Subject: Maintaining Waste, Fraud, and Abuse: How Alan Lowenthal Missed the Mark on (SNAP)
By: Steve Foley
Let it never be said that State Senator Alan Lowenthal is a slouch. He’s got political posturing, scare tactics and the rhetoric of dependency down to a science. It’s obvious, however, that he’s more interested in making the poor and the taxpayer alike victims of government waste than he is in solving real problems.
In an April 24th press release, Lowenthal attacked the House Committee on Agriculture’s recent recommendation to cut $33 billion over 10 years from the Supplemental Nutrition Assistance Program, or SNAP. Administered by the U.S. Department of Agriculture (USDA), this federal food stamp program is, by the agency’s own admission, rampant with fraud. In fact, a March 2011 USDA summary report acknowledged that trafficking alone, defined as the sale of benefits to food retailers for cash, diverted $330 million between 2006 and 2008. That figure doesn’t include additional fraud perpetrated by program beneficiaries, who sell their benefits to others for a profit. Recent investigative reporting by David Goldstein at CBS 2 in Los Angeles suggests that abuses of this latter type are also widespread.
Stunningly, the USDA claims in the first paragraph of the 2011 summary that such fraud comes at no financial cost to the federal government–aka you and me. It is merely, the report notes, a black mark on the program’s mission and credibility. While one can’t deny the credibility problem, waste, fraud and abuse do indeed come at a high financial cost to taxpayers, particularly in the current challenging economy. Elected officials have a fiduciary duty to track and address such problems so that taxpayers do not continue to pay for programs that fail to work as intended. Throwing good money after bad helps no one, including those who legitimately face financial hardship.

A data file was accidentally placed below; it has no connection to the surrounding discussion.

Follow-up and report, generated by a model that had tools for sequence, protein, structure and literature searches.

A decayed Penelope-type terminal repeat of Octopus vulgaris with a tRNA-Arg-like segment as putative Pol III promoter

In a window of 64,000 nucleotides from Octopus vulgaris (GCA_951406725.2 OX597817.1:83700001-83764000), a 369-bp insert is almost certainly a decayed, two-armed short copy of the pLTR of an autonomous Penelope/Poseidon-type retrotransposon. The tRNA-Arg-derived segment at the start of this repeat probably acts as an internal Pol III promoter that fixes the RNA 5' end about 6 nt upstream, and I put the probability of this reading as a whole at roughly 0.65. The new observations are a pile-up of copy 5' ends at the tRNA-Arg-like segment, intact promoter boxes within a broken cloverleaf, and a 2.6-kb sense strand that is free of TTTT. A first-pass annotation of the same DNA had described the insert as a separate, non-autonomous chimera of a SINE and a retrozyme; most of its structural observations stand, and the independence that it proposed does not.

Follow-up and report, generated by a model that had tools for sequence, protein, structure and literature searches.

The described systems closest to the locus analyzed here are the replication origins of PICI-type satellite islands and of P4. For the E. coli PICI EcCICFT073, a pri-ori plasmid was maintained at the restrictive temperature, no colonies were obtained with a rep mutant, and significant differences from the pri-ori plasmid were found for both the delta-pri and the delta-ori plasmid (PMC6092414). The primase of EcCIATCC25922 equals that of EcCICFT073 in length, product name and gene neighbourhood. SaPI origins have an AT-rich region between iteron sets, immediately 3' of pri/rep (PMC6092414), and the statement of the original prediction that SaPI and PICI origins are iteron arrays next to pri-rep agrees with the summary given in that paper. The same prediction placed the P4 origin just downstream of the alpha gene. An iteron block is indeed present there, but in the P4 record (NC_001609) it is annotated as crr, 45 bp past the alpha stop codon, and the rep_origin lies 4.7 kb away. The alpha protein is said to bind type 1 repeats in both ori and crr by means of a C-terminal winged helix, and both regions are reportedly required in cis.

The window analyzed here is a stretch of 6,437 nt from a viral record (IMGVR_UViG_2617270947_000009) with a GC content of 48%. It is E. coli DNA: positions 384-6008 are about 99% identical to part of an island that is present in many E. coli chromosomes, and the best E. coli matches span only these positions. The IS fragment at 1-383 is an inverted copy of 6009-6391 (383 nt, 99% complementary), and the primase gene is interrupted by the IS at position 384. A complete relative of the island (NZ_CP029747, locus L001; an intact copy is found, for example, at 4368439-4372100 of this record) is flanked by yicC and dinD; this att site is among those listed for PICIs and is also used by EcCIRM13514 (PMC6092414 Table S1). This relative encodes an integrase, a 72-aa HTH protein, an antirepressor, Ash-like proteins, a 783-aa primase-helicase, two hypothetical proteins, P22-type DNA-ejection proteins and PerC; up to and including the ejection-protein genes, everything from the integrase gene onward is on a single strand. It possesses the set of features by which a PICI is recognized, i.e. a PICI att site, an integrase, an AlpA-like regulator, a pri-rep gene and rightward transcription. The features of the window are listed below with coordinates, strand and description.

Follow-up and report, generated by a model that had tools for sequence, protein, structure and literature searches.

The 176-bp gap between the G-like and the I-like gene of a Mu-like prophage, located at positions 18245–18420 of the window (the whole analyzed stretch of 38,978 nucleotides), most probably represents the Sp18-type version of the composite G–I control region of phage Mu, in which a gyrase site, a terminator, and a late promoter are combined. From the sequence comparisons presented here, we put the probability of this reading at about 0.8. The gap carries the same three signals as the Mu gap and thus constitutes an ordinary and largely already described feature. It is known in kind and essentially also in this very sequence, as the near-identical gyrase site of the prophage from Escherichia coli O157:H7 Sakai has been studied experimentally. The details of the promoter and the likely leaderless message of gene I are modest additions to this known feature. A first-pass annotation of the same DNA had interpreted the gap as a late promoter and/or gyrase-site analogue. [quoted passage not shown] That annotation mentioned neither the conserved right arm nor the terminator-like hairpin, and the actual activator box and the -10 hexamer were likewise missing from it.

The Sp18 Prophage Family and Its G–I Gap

Which reveals additional serious flaws in Lowenthal’s attack…
In the past 10 years, SNAP spending has nearly tripled. Much of that increase has occurred just in the last three years, with program spending more than doubling from $34.9 billion in 2008 to $76 billion in 2011. House Ag Committee Chair Frank Lucas (R-OK) acknowledges that SNAP now comprises nearly 80 percent of total USDA spending. These statistics reflect in large measure the Obama administration’s open and active efforts to boost rather than minimize dependence on SNAP through recruitment drives and incentive programs. President Obama did not earn the nickname “the Foodstamp President” without cause.
Ultimately, the $33 billion in cuts proposed by the House Committee on Agriculture represents, over the coming 10 years, a meager 4 percent of this out-of-control, wasteful, and abuse-ridden SNAP spending. More embarrassingly for Senator Lowenthal, the House Committee has plainly stated that the cuts are primarily aimed at closing loopholes and reworking the program’s eligibility triggers in order to minimize precisely this waste and abuse epidemic within the program in order to benefit legitimate SNAP recipients and taxpayers alike. Two incentives for states administering the program would also be on the chopping block. However, in point of fact, not a single dollar of the proposed cuts would prevent the truly needy from receiving SNAP benefits. Nor would the cuts in any way reduce SNAP benefit levels.
Perhaps Senator Lowenthal could explain to us all his particular interest in maintaining fraud, waste, and abuse.
Or is it that, as usual, he just hasn’t done his homework?
Republican Congressional Candidate, CA-47